Clear as mud: Black Willow, Mississippi Mud, and FBI informants

LomaScott very rarely plays songs more than once in a sitting, so the fact that we’ve now listened to Loma‘s Black Willow six times in a row is no small endorsement. I agree: it’s infectiously beautiful, darkly haunting, the lyrics are provocative… definitely worth playing over and over, and there’s something about the album cover art, too.

I finally decided to look for a video and Lo, not only does one exist, it’s in a similar vein as the ones I have posted twice before:

And the plot thickens! The video’s first comment on YouTube is from (actor, producer, and writer) Daniel Martine, who points out that the song sounds eerily similar to a song called “Mississippi Mud,” a Black Blood and the Chocolate Pickles song with a grim history:

In his comment to the Black Willow video, Daniel continues:

The story is about the death of black students who protesting [sic] at Jackson State in Mississippi in ’70. Not long after Kent State shootings happened. But it didn’t get the press of Kent State, because they were black students.

I can google up no evidence that Loma may have meant Black Willow to be a straight up homage to the song and/or a rememberance of the events that took place at Jackson State, not to mention the inequality of the response thereafter compared to shootings of white students. But I could understand that the band could have gone there Continue reading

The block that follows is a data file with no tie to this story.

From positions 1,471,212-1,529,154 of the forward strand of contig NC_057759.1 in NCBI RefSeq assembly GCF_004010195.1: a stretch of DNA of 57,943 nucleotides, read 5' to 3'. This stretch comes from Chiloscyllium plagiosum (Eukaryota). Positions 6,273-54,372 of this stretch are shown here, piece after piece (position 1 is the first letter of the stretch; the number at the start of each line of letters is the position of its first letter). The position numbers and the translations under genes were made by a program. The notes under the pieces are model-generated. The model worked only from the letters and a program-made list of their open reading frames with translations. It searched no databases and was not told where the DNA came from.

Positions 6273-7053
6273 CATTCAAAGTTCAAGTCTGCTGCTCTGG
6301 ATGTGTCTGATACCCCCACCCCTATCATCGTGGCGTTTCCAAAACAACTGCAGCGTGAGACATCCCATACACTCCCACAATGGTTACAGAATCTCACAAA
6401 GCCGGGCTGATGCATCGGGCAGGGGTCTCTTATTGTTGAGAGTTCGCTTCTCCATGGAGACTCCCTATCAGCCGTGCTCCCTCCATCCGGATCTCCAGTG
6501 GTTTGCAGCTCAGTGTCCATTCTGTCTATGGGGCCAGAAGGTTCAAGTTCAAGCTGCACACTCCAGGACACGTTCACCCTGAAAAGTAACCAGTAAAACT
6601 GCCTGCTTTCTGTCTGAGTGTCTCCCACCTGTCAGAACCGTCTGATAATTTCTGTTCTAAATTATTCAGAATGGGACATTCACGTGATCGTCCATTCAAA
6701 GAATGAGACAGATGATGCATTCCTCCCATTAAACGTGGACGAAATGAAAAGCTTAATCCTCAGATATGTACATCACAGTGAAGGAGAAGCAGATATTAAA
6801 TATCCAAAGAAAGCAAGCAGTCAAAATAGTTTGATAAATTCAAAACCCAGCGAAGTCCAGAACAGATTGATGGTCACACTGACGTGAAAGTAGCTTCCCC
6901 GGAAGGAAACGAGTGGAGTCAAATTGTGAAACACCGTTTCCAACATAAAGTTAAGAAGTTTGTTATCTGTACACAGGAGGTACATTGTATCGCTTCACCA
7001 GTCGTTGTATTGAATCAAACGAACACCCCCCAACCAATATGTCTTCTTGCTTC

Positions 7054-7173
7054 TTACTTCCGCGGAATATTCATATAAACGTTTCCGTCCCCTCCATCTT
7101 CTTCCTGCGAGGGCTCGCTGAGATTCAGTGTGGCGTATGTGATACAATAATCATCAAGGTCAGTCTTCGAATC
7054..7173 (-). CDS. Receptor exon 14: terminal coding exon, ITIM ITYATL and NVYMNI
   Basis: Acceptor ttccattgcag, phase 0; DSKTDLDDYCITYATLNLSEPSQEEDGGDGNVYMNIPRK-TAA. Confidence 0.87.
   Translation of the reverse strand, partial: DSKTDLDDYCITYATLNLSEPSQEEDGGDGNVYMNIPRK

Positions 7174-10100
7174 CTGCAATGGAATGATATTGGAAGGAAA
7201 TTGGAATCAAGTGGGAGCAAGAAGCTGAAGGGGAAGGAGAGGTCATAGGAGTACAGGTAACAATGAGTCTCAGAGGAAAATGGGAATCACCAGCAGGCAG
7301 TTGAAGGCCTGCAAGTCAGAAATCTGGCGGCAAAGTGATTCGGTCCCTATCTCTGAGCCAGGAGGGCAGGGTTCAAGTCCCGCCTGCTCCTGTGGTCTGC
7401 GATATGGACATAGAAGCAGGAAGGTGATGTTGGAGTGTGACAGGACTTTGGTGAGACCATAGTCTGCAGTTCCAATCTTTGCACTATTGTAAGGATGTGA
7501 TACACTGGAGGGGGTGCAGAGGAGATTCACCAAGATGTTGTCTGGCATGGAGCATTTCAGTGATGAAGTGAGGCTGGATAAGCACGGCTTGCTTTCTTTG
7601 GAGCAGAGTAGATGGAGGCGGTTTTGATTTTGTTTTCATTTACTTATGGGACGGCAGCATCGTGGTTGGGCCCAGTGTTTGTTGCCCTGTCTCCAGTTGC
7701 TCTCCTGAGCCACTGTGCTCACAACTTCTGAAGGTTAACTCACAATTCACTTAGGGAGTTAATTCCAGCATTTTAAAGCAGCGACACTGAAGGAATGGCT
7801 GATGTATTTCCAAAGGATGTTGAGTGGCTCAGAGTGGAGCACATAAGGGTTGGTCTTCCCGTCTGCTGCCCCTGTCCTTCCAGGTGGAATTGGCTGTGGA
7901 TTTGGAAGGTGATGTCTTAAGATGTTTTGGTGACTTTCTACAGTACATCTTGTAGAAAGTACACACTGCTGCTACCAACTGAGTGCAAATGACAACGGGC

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Aimless Love: a poem by Billy Collins

Aimless Love
by Billy Collins

This morning as I walked along the lake shore,
I fell in love with a wren
and later in the day with a mouse
the cat had dropped under the dining room table.

In the shadows of an autumn evening,
I fell for a seamstress
still at her machine in the tailor’s window,
and later for a bowl of broth,
steam rising like smoke from a naval battle.

This is the best kind of love, I thought,
without recompense, without gifts,
or unkind words, without suspicion,
or silence on the telephone.

The love of the chestnut,
the jazz cap and one hand on the wheel.

No lust, no slam of the door—
the love of the miniature orange tree,
the clean white shirt, the hot evening shower,
the highway that cuts across Florida.

No waiting, no huffiness, or rancor—
just a twinge every now and then

for the wren who had built her nest
on a low branch overhanging the water
and for the dead mouse,
still dressed in its light brown suit.

But my heart is always propped up
in a field on its tripod,
ready for the next arrow.

After I carried the mouse by the tail
to a pile of leaves in the woods,
I found myself standing at the bathroom sink
gazing down affectionately at the soap,

so patient and soluble,
so at home in its pale green soap dish.
I could feel myself falling again
as I felt its turning in my wet hands
and caught the scent of lavender and stone.

Original source: Billy Collins, Nine Horses, Pan Macmillan and Random House Trade Paperbacks, 2003, accessed via Pan Macmillan on 9 August 2018. Continue reading

Dean Fidelman finally getting the kind of attention he deserves (and not only for StoneNudes)

I met photographer Dean Fidelman while living in Yosemite National Park in 1999, and for years I invested everything I had—physically, energetically, spiritually, and financially—into his StoneNudes project. This attempt to build a something that would financially support a complete immersion into art, nature, community collaboration, social activism, and a life well-lived sparked a sense of purpose I’ve been both refining and expanding ever since. Though I ultimately chose to distance myself from the always-fraught business side of StoneNudes, Dean and I have remained very close friends and artistic collaborators.